[...] Challenge 2 is more along the lines of troll bait, because it is patently impossible: create a system to compress and then decompressHe also supplied a file AMillionRandomDigits.bin, which contains 415,241 random bytes.anyfile of size 415,241 bytes. In other words, create a compressed file that is smaller than the input, then use only that compressed file to restore the original data.

Unlike Challenge 1, there are no size limitations on Challenge 2. Your compressor and decompressor can be as large as you like. [...]

To keep it simple, the files will be simple permutations of the million digit file – scrambled with an encryption system, or perhaps a random number generator, or whatever. The point is, they should have all the same numeric characteristics as the original file, just organized slightly differently.

Of course it is well-known that it is impossible to write a compressor that can compress

*every*possible data file. But the last paragraph states that the files to be compressed "will be simple permutations of the million digit file" [1]. As I will show below, it

*is*possible to compress files that are bytewise permutations of a known file, albeit by only a small amount.

The key point is that the number of permutations of AMillionRandomDigits.bin is considerably smaller than the number of files of length 415241. In fact, it is possible to compute the numbers exactly:

Number of files of length N = 256^N Number of permutations of a file of length N = N! / (n_0! n_1! ... n_255!)

where n_b is the number of times that the byte value b appears in the original file.

The minimum size, in bits, to which a file from a particular ensemble can be compressed is given by the logarithm base 2 of the number of possible files. Evaluating the above formulas given the byte frequencies in AMillionRandomDigits.bin, we find that an optimal compressor could compress any of these files by exactly 235 bytes or 0.06%. So a tiny extra crumb of information can be leveraged to effect a tiny bit of compression.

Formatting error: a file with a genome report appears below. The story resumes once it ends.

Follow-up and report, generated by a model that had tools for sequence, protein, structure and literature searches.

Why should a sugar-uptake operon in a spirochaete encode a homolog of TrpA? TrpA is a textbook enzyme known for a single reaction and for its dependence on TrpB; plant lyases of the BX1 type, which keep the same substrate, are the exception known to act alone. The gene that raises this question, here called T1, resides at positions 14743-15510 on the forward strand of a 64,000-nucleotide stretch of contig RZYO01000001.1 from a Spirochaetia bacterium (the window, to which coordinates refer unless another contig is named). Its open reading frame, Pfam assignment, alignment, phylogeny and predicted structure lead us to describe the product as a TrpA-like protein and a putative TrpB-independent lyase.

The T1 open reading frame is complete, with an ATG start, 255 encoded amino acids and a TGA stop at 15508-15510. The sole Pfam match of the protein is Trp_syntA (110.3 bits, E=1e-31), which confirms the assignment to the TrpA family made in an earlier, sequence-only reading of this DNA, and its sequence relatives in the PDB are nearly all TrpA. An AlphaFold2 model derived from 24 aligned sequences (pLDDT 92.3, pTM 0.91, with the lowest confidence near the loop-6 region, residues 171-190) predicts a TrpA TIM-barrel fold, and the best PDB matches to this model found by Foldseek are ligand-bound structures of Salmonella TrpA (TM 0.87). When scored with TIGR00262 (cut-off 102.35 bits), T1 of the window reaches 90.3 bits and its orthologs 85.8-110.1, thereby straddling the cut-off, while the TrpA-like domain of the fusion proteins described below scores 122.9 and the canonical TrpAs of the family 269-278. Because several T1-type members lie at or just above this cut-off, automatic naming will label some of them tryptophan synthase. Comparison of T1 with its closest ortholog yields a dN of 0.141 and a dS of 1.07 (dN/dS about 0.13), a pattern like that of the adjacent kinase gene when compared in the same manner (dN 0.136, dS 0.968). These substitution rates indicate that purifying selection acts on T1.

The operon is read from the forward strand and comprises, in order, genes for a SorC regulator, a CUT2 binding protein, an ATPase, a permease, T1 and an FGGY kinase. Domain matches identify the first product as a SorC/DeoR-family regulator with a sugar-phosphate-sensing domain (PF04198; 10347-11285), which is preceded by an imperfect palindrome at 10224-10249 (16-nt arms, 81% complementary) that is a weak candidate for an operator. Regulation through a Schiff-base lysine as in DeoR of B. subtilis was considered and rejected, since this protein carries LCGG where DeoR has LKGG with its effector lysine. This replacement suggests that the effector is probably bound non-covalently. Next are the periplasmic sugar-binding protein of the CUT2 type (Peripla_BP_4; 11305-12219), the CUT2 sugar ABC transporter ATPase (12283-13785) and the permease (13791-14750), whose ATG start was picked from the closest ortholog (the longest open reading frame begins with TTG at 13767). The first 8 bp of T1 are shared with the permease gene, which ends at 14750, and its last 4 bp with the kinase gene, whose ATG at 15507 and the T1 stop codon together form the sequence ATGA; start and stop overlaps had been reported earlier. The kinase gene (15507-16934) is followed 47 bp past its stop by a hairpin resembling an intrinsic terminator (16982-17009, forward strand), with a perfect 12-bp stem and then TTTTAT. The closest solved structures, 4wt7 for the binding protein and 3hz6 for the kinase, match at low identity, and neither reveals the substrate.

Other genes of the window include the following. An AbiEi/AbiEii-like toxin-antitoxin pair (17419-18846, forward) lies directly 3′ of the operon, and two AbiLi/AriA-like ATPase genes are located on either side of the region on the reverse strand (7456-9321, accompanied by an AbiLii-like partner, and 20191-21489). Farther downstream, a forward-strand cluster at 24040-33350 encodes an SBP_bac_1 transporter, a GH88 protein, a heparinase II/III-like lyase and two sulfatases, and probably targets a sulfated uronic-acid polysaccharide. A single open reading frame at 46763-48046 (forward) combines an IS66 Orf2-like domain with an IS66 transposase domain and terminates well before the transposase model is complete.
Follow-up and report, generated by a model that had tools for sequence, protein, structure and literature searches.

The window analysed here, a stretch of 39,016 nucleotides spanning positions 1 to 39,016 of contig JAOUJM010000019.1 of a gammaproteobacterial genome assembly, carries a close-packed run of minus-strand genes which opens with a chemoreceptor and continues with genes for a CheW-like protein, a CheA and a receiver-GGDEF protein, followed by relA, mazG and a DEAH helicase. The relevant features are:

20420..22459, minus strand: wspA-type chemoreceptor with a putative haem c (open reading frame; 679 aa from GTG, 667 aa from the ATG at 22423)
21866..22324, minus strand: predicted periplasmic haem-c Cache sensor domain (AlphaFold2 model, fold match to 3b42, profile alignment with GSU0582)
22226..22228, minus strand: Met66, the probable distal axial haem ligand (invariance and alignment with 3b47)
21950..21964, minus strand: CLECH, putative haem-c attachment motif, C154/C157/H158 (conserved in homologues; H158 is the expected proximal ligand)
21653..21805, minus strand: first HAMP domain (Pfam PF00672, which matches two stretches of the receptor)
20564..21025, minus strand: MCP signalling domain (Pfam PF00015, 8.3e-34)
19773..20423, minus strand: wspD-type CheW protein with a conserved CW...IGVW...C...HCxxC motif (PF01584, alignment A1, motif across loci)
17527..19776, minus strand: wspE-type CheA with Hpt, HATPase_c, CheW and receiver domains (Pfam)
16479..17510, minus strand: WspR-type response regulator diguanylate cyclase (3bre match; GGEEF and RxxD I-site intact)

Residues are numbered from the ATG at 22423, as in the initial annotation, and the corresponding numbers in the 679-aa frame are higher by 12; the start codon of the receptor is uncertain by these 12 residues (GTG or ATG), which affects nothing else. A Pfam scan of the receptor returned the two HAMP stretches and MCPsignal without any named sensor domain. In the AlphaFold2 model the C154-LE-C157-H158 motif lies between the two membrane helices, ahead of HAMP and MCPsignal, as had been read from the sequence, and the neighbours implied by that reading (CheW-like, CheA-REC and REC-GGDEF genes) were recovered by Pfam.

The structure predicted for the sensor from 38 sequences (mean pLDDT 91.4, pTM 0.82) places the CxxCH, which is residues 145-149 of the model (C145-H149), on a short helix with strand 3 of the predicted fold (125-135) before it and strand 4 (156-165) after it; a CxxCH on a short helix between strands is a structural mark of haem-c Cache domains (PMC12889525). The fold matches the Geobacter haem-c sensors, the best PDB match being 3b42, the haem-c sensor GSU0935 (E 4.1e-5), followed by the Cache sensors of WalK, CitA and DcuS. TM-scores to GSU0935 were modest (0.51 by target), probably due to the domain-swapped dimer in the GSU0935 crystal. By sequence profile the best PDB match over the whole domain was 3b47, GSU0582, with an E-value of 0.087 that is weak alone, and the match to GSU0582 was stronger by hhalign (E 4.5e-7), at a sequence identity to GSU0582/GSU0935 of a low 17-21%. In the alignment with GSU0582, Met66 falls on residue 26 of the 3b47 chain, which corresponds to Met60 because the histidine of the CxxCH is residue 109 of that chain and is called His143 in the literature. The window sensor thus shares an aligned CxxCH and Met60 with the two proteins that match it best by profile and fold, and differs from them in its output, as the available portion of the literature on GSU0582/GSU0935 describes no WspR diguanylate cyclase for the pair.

I was initially surprised how little compression is made possible by knowledge of character frequency counts, though in retrospect it is pretty obvious:

N = 415241 Each byte value appears approximately N/256 = 1622 times

The variation in byte frequencies is about ±sqrt(1622) ≈ ±40 That fact that byte b appears n_b times therefore gives you (very roughly)

lg(80) or 6.3 bits of information.

Since we have independent counts for 255 bytes, that gives about

6.3 bits * 255 ≈ 200 bytes of information

Thus this simple estimate suggests that the file can be compressed by about 200 bytes (not far off of the correct value, 235, as computed above).

Can we actually

*write*a compressor/decompressor for such files? In fact, it is easy to compress the file by one byte. The compressor is trivial: simply drop the last byte from the file. To decompress,

- Compute the byte frequencies in AMillionRandomDigits.bin
- Compute the byte frequencies in the compressed file
- Determine which byte value appears fewer times than expected in the compressed file
- Append that byte to the end of the compressed file to produce the original

*optimal*compression for such a file is left as an exercise for the reader.

[1] After I submitted my solution, Mark claimed that what he

*meant*by "permutations" was not the mathematical meaning of the word, but rather...well, I don't really know; if it's not meant precisely then the whole paragraph is kindof meaningless.

## No comments:

Post a Comment